New Caledonia is one of the world's top "biodiversity hotspots" and over 76% of it's plants are endemic. Outside of the world's main continents, only the islands of Hawaii, New Zealand, and Madagascar have a higher level of plant endemism.
The islands are located on the fringe of the tropics and due to the islands maritime influence the weather is usually mild with spring to summer like conditions for most of the year. The flora has a lot in common with nearby Australia and Norfolk Island with regards to pines and eucalypts as well as other parts of the South Pacific with more tropical plants.
Sizeable forests are found inland but the most distinctive tree is the Araucaria Pine which can be mainly found on or near coastlines, especially on The Isle of Pines just south of Grande Terre the main island.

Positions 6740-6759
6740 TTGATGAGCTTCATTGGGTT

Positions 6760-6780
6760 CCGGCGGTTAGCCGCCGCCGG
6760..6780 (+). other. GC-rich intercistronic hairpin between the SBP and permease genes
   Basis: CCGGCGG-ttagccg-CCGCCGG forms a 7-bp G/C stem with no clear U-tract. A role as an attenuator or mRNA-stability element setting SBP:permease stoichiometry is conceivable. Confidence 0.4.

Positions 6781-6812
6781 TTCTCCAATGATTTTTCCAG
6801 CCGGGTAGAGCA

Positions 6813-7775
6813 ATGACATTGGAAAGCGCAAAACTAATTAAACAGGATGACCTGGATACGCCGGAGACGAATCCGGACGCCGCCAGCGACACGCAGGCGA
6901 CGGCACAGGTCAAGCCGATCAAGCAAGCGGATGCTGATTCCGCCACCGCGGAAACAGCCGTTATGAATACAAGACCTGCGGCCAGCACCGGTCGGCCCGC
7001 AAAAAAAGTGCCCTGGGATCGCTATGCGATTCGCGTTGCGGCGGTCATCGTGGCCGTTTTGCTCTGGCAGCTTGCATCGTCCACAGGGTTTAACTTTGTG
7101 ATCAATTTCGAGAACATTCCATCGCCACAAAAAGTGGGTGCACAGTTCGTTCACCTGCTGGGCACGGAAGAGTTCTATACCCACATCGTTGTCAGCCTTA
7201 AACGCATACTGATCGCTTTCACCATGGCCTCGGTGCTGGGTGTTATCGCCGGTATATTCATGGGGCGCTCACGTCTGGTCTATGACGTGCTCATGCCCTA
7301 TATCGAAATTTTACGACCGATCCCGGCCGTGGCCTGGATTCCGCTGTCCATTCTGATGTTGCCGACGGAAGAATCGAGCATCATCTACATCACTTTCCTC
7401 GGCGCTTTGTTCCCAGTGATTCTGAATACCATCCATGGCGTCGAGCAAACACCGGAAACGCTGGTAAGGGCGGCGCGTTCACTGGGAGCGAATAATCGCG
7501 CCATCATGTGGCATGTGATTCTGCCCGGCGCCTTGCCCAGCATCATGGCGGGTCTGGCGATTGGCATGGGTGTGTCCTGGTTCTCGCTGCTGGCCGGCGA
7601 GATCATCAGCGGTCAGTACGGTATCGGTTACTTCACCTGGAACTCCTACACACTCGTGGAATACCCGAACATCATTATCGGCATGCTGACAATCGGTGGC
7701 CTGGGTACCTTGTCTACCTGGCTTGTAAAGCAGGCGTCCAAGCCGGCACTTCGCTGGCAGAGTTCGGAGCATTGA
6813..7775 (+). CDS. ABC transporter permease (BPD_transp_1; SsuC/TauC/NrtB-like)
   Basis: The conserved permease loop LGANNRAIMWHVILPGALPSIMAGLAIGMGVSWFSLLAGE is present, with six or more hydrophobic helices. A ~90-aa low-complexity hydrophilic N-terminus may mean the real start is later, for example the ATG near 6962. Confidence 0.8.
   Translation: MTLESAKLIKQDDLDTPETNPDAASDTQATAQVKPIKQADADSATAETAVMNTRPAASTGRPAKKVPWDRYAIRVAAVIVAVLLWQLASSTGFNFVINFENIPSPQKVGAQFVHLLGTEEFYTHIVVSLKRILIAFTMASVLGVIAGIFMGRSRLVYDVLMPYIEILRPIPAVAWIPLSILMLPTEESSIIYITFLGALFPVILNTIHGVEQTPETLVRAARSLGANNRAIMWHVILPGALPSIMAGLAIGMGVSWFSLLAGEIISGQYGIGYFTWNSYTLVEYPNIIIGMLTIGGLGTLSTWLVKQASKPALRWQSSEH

There are three main types of forests in New Caledonia. Moist evergreen forests cover just over 20% of the country. These forests contain moderately sized trees that form a dense canopy. Sclerophyllous forests are semi-decidous and also have a dense canopy. These forests are located mainly on the main island of Grande Terre. Maquis vegetation is described as low sclerophyllous and evergreen shrubs and plants and cover about 30% of the country in the main island of Grande Terre and nearby islands. There are also Sandalwood forests, mangrove swamps and savanna grasslands located on different islands.
New Caledonia has a number of nature reserves including botanical or fauna reserves.
Author & photographer: David Johnson (Virtual Oceania). Providing a credit or link is appreciated.
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